CONTRA COSTA COUNTY, CA (Dec. 22, 2021) — Despite California’s four-week statewide mandate requiring people to wear masks in public indoor spaces, Contra Costa County will follow a separate policy in place since November –allowing some people to unmask in selected indoor settings.
In an effort to counter the statewide rise in COVID-19 cases and hospitalizations, the California Department of Public Health announced that people must wear masks in indoor public spaces regardless of vaccination status Dec. 15-Jan. 15
The mandate “brings an added layer of mitigation as the Omicron variant, a Variant of Concern as labeled by the World Health Organization, is detected across California, the United States and the world and is likely to spread more easily than the original SARS-CoV-2 virus and the Delta variant,” the department stated.
However, some settings in Contra Costa County are exempt from this statewide edict since the county has had an ordinance in place since Nov. 1 easing mask requirements. The county policy allows vaccinated people to remove masks in eligible “controlled spaces not open to the general public, including offices, gyms and fitness centers, employee commuter vehicles, indoor college classes” and in some organized gatherings.
“The limited exceptions we made are for very low-risk scenarios where everyone is vaccinated,” said Dr. Chris Farnitano of the Contra Costa County Health Department. “Our community already understands and is following these rules, and it would be confusing to change them for just one month.”
The statewide announcement to mask up comes at the two-year mark for a pandemic that has caused more than 800,000 U.S. deaths and 5.35 million worldwide.
Dr. Arnab Mukherjea, chair of California State University East Bay’s Department of Public Health, lauds the state and county efforts to decrease virus transmission through mask policies.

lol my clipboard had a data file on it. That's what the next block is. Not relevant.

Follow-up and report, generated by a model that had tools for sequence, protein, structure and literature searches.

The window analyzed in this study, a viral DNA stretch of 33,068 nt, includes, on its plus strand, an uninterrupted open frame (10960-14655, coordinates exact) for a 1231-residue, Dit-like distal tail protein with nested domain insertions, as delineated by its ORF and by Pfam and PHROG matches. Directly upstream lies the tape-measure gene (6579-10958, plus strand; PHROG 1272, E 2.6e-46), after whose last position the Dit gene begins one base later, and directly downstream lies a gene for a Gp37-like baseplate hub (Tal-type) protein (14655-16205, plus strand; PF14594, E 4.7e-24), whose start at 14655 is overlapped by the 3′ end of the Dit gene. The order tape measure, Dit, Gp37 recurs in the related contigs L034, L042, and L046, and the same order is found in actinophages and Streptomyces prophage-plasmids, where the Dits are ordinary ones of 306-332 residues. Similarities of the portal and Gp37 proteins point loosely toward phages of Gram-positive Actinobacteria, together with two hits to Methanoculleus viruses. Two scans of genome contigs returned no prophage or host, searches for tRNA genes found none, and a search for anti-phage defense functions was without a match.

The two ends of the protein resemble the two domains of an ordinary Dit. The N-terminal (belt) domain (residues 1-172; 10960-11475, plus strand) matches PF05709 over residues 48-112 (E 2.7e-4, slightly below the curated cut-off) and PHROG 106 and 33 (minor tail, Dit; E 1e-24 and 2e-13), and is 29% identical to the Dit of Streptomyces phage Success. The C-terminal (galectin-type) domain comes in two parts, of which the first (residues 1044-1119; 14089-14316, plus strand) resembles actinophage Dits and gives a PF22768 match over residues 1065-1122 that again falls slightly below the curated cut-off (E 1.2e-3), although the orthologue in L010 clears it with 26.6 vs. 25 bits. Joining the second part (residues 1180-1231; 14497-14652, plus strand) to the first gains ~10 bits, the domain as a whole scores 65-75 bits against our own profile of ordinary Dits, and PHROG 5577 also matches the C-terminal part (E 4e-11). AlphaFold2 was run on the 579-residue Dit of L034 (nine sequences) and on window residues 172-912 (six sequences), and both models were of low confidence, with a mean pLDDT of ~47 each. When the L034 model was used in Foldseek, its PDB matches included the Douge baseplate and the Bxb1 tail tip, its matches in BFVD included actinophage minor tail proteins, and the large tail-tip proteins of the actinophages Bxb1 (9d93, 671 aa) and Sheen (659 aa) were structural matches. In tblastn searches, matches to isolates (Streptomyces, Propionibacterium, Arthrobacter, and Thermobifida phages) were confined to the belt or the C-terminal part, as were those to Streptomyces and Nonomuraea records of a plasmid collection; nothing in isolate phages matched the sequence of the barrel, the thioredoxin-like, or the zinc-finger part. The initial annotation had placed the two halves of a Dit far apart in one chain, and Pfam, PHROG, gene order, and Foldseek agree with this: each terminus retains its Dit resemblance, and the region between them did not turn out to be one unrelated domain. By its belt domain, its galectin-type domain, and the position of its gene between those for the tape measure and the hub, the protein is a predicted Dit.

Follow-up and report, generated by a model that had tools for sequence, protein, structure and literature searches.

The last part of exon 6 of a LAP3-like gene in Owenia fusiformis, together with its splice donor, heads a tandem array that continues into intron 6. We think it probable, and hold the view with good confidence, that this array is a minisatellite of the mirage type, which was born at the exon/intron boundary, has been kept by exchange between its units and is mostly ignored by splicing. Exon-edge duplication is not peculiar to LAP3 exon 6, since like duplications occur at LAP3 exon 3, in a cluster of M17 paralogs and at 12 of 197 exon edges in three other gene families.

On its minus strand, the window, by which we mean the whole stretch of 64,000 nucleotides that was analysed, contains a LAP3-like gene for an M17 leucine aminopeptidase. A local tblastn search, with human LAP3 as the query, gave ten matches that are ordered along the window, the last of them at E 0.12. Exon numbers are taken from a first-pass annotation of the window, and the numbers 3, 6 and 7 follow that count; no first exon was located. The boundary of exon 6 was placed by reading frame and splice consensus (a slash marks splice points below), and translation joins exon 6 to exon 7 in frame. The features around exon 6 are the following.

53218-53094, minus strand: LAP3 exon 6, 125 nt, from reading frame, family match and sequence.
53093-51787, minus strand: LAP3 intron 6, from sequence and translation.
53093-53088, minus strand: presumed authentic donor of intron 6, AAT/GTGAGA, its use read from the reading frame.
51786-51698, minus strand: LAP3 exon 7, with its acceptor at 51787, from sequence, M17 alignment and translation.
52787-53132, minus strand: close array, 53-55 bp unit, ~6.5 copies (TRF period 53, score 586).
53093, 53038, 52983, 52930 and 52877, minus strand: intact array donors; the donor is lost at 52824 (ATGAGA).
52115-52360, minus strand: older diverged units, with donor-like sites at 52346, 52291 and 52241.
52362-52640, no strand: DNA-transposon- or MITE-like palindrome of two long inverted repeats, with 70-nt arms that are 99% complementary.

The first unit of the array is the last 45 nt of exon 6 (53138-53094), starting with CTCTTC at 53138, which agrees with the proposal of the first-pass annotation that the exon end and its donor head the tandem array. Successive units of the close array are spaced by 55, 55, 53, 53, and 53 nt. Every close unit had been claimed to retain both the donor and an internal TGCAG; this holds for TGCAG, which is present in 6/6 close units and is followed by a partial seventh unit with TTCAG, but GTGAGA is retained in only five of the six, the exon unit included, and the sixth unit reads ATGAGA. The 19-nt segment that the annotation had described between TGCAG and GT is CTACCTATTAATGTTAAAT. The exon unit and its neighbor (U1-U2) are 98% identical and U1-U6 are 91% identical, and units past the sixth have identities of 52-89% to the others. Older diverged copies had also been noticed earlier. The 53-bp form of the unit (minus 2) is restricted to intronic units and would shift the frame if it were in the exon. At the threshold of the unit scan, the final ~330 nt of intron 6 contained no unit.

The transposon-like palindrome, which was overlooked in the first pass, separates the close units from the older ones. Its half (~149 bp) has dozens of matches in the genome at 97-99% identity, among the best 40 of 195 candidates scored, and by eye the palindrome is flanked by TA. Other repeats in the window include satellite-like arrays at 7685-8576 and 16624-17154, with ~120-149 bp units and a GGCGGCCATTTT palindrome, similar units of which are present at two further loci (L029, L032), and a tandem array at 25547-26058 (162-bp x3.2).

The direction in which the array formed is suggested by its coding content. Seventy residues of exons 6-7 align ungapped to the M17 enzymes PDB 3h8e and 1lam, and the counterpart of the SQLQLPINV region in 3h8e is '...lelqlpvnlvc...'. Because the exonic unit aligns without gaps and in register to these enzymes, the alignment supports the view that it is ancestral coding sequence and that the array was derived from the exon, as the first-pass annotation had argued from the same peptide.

“I look at all the tools we have in our toolbox to combat this virus,” Mukherjea said on Dec. 20. “We are slowly learning a little more about Omicron. What we know is that it is highly infectious. If this variant is more contagious, masks are something in our toolbox to mitigate transfer from one person to another.”
Calling masks the “second top tool” to keep people safe, Mukherjea emphasized the vaccine as the first. “I can’t underscore enough that people who are eligible get the vaccine and get boosted,” he said. “It will prevent people from serious illness, severe disease, hospitalization and death.”
Karen Jenkins is pleased to be a correspondent with the Concord Clayton Pioneer News. She has worked as a community journalist on and off for three decades at publications including the Contra Costa Sun in Lamorinda; the Antioch Daily Ledger; the Avon-Beaver Creek Times in Colorado; Roll Call in Washington, D.C. and the Daily Nexus at UC-Santa Barbara. She is also the student advisor for The Sentinel, the student newspaper at Northgate High School in Walnut Creek. She may be reached at Karenjenkins241@gmail.com.